1: Themed restaurants
Apparently novelty restaurants are a "thing" in Taipei. Sadly, the hospital-themed joint, where beer is served in drip bags, shots administered via syringe and waitresses are dressed as nurses, is no longer in operation (pun intended), but try Modern Toilet (where you sit on closed loos and eat themed food - think poo-inspired icecream - out of lavatory-shaped dishes at sinks or baths with glass tops), the A380 In-Flight Kitchen (modelled on the Airbus superjumbo, complete with meals served on plastic trays, waitresses dressed as flight attendants and boarding passes for those who need to wait for a table), or the car-themed P.S. Bu Bu Restaurant (where you can dine in an iconic car like a 1955 Chevrolet Bel Air, a la the restaurant in Pulp Fiction).
2: Good eating
Like many Asian countries, Taiwan is famed for its cuisine, with Taipei particularly well known for its fabulous street food - from delicate scallion pancakes to chou doufu, known by Westerners as "stinky tofu".
You'll find seafood dominates restaurant menus here and it is excellent, from the freshest sashimi to plates of vibrant prawns and whole, fragrant steamed fish. Ginger, garlic and spring onions are typical ingredients so the food is not particularly spicy, but if you fancy something hotter there are plenty of Szechuan Chinese restaurants in the main cities, such as the excellent Szechuan Court atop the Ambassador Hotel in the Zhongshan District.
3: Taipei 101
The claim to fame of this impressive structure, which dominates the Taipei cityscape, is that, at 508m, it held the title of tallest building in the world from 2004 until Dubai opened its Burj Khalifa in 2010. The two fastest elevators on Earth shoot silently and impressively to the 89th floor (there are 101 floors but only 88-91 are observation decks), in an ear-popping 37 seconds. That works out at 1010m a minute. The bamboo stalk-inspired tower has been specially built to withstand typhoon winds and earthquake tremors common to the region and you can see the world's biggest "wind damper" - a huge gold iron ball which helps keep it steady - on the 88th floor.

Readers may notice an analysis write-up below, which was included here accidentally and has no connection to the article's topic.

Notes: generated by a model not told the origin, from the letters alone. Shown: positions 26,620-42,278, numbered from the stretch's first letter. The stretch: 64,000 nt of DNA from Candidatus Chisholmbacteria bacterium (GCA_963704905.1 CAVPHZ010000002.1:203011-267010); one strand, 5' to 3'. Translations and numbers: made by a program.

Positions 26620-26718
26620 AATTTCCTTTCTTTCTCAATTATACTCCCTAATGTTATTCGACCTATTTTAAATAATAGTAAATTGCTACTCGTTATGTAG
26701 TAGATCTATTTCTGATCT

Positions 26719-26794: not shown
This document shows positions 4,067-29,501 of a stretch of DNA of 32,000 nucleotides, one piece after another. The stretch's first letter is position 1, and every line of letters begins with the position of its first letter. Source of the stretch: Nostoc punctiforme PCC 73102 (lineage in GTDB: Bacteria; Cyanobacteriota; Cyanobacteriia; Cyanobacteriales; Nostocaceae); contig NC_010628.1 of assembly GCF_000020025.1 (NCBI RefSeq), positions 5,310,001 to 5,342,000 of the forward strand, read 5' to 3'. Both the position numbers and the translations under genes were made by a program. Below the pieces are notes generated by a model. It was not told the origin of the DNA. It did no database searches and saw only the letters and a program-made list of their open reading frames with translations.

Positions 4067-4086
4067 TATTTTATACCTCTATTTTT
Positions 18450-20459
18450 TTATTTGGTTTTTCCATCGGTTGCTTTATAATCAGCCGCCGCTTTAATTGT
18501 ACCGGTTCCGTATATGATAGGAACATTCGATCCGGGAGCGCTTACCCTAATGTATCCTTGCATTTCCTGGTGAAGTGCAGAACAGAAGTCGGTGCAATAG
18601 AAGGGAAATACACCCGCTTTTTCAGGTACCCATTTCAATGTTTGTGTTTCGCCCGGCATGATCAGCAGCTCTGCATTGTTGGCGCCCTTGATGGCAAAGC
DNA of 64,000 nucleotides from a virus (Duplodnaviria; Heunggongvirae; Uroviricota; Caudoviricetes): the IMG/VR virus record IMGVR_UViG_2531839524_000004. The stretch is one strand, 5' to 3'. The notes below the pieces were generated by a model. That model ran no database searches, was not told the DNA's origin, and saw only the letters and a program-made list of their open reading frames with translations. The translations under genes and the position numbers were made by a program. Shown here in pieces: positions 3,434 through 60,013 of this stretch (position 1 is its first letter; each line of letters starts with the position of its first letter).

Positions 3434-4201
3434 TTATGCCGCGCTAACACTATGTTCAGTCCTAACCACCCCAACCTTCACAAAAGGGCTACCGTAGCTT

4: Night markets
The city's plethora of night markets are also world famous, each one offering something slightly different. The biggest and best known is Shilin, which has it all - food, entertainment, games, massages, tattoos, pet and mobile phone accessories and shopping. Pop music blares from each narrow shop lining the market's sprawling streets and alleyways, which are closed to cars but not scooters. It's remarkably clean, the wares seem of reasonable quality and, best of all, no one hassles you to buy. The sizeable crowds, which you'll find on any night of the week, are polite and calm, and wandering alone I felt completely safe.
(NB: Unlike most Asian street markets bartering seems to be a no-go zone, with items selling for set prices.)
5: The sights
Taipei has had an interesting and tumultuous past and there are many historical spots around the city worth a visit. Top of the list is the National Palace Museum, which houses the world's largest collection of Chinese art, liberated from mainland China by former Kuomintang leader Chiang Kai-shek, who later became President of Taiwan. There is a grandiose memorial to Chiang in Liberty Square atop 89 steps - his age when he died - and also in the square are the beautiful National Theatre and National Concert Hall buildings. Nearby is the tranquil 2-28 Peace Park, which houses a museum and memorial dedicated to those who died during an anti-government uprising which began on February 28, 1947.
Getting there: China Airlines fly via Sydney and Brisbane to Taipei.
Shandelle Battersby travelled to Taiwan as a guest of the Taipei Economic and Cultural Office in New Zealand.